The Federal Aviation Administration (FAA) approved a Blue origin license monday to bring people in space on its New Shepard launch system for Jeff Bezos‘ scheduled flight later this month.
The company, founded by the former Amazon.com chief, has been granted permission to conduct spaceflights from its Launch Site One facility in West Texas. The license is valid until August.
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“To obtain permission to carry people, Blue Origin had to verify during a test flight that its launch vehicle’s hardware and software were working safely and as intended,” the FAA said in a statement to FOX Business.
Bezos will fly into space on July 20 on New Shepard’s 16th flight. The launch is scheduled for 8 p.m. CDT, the company said. FOX Business has contacted the space travel company but has heard nothing.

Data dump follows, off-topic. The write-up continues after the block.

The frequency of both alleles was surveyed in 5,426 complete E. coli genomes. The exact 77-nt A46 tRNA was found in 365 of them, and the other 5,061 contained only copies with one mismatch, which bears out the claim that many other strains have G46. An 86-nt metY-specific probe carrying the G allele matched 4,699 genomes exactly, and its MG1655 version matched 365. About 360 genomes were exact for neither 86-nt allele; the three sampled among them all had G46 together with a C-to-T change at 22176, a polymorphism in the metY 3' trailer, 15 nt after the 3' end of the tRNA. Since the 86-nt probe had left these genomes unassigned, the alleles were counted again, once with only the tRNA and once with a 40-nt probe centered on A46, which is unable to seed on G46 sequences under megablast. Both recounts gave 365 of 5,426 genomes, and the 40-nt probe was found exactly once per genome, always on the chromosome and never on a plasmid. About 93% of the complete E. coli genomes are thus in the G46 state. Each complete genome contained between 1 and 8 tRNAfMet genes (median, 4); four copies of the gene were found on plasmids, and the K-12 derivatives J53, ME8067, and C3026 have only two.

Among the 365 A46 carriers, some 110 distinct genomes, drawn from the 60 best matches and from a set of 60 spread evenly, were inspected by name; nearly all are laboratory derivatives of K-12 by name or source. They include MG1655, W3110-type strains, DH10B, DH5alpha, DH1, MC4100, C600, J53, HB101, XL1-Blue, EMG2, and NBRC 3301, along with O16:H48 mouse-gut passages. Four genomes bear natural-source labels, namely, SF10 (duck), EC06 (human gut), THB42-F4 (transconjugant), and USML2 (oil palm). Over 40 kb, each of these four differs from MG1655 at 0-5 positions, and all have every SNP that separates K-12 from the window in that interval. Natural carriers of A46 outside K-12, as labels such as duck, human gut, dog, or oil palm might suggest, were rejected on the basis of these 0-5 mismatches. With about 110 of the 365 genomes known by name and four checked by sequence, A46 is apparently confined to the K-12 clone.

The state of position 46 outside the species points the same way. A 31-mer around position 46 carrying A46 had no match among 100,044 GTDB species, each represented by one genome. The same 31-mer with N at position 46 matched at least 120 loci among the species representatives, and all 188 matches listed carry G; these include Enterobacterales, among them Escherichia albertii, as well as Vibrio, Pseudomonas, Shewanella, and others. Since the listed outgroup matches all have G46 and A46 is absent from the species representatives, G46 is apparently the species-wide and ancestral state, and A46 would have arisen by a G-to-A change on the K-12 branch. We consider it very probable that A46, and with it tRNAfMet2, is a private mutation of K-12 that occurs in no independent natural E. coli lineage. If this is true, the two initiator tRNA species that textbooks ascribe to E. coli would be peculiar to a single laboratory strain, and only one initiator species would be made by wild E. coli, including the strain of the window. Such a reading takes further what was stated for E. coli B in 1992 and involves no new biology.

The launch date marks the 52nd anniversary of the Apollo 11 moon landing. Bezos assigned himself to the flight a month ago and asked his brother, Mark, to join him. Guiding them will be a $28 Million Auction Winner and Wally Funk, one of the last remaining members of the Mercury 13 to be chosen as an “Honored Guest.”
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The FAA’s approval came a day later Richard Branson successfully completed a test flight in space with Virgin Galactic.
The rocket from Branson’s space tourism company Virgin Galactic, which reached an altitude of 83.5 miles above the New Mexico desert, was an important step in bringing astrotourism closer to reality.
Daniella Genovese of FOX Business contributed to this report.